The U.S. is experiencing a crisis on opioid use with escalating numbers of opioid overdose deaths in recent years. Sex differences exist in multiple phases of opioid dependence (OD) including acquisition, escalation, addiction, withdrawal, relapse, and treatment response. Overall, men are more likely to become dependent than women, although women tend to progress and develop medical or social consequences faster, have more difficulty discontinuing use, and are more vulnerable to relapse. However, the biological and genetic factors for these differences are poorly understood and have been understudied. We will capitalize on our existing large- scale genome-wide association study (GWAS) data, which were derived from our substance dependence (SD) cohort (N>10,000), including African and European American males and females. This SD cohort has been evaluated by the comprehensive instrument: Semi-Structured Assessment of Drug Dependence and Alcoholism (SSADDA). Here we propose to analyze the X-chromosome using the genetic data for this SD cohort. The X-chromosome data have already been collected, but have not been included in our published GWAS due to technological challenges. As advancement in biotechnology and analytical development, we are now able to analyze the X-chromosome data.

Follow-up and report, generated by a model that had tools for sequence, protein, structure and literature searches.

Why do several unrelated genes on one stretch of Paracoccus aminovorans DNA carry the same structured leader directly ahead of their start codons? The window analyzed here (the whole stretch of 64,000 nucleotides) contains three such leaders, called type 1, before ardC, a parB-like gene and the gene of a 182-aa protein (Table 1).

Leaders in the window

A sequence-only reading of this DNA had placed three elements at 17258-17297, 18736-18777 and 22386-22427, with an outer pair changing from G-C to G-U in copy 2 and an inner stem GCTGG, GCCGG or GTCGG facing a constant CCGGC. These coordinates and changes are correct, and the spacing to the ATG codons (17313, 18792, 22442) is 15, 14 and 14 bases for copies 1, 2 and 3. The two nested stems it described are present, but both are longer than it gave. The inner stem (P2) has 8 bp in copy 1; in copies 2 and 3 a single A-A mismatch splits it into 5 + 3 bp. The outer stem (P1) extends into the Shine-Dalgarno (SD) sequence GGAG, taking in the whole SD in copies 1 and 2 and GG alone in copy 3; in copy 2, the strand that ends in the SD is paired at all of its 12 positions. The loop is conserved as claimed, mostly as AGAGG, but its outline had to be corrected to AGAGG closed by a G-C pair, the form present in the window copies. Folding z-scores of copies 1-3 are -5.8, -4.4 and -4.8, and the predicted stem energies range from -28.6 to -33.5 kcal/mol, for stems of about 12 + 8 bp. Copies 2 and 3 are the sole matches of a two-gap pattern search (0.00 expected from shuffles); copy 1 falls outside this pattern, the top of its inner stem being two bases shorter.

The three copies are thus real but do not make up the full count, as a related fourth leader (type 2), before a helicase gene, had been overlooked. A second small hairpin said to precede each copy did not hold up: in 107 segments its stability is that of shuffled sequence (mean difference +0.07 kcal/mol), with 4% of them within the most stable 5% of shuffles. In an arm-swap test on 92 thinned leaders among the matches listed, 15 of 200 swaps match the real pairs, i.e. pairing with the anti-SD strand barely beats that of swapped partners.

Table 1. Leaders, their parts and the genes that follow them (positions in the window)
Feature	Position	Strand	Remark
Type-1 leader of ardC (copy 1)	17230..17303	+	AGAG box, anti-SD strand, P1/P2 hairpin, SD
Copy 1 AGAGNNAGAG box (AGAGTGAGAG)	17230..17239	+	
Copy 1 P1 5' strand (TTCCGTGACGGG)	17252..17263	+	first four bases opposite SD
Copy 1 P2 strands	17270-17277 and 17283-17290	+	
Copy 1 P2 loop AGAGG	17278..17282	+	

We aim to identify sex-specific risk variants, and test association between OD and X-linked genetic variants for sex-specific OD patients, to characterize molecular pathways and genetic functionality, and to dissect genetic architecture between OD men and OD women. Through this study we will gain the knowledge to identify X-linked genetic variants that may assist in developing treatment strategies uniquely for men and women OD individuals to be applied in clinical treatment as remedies for the opioid crisis in the US. By completion of this study our research will aid in addressing the objectives in the three goals of the NIH strategic plan for women's health research: We will contribute to increasing sex differences research in basic science studies, incorporate sex-specific findings in our design, and contribute to sex-specific genetic profiling in personalized prevention, diagnostics and potentially treatment strategy for OD men and women.
The objective of this project is to identify sex-specific risk variants, by testing for an association between opioid dependence and X-linked genetic variants for sex-specific opioid dependent patients, and to characterize molecular pathways and genetic functionality involved in opioid dependence for men and women. The discovery of this project has the capacity to advance our understanding of sex differences in opioid dependence between men and women in the hope that the resulting information will help optimize sex-specific prevention and treatment strategies for curbing the national crisis on opioid overdose.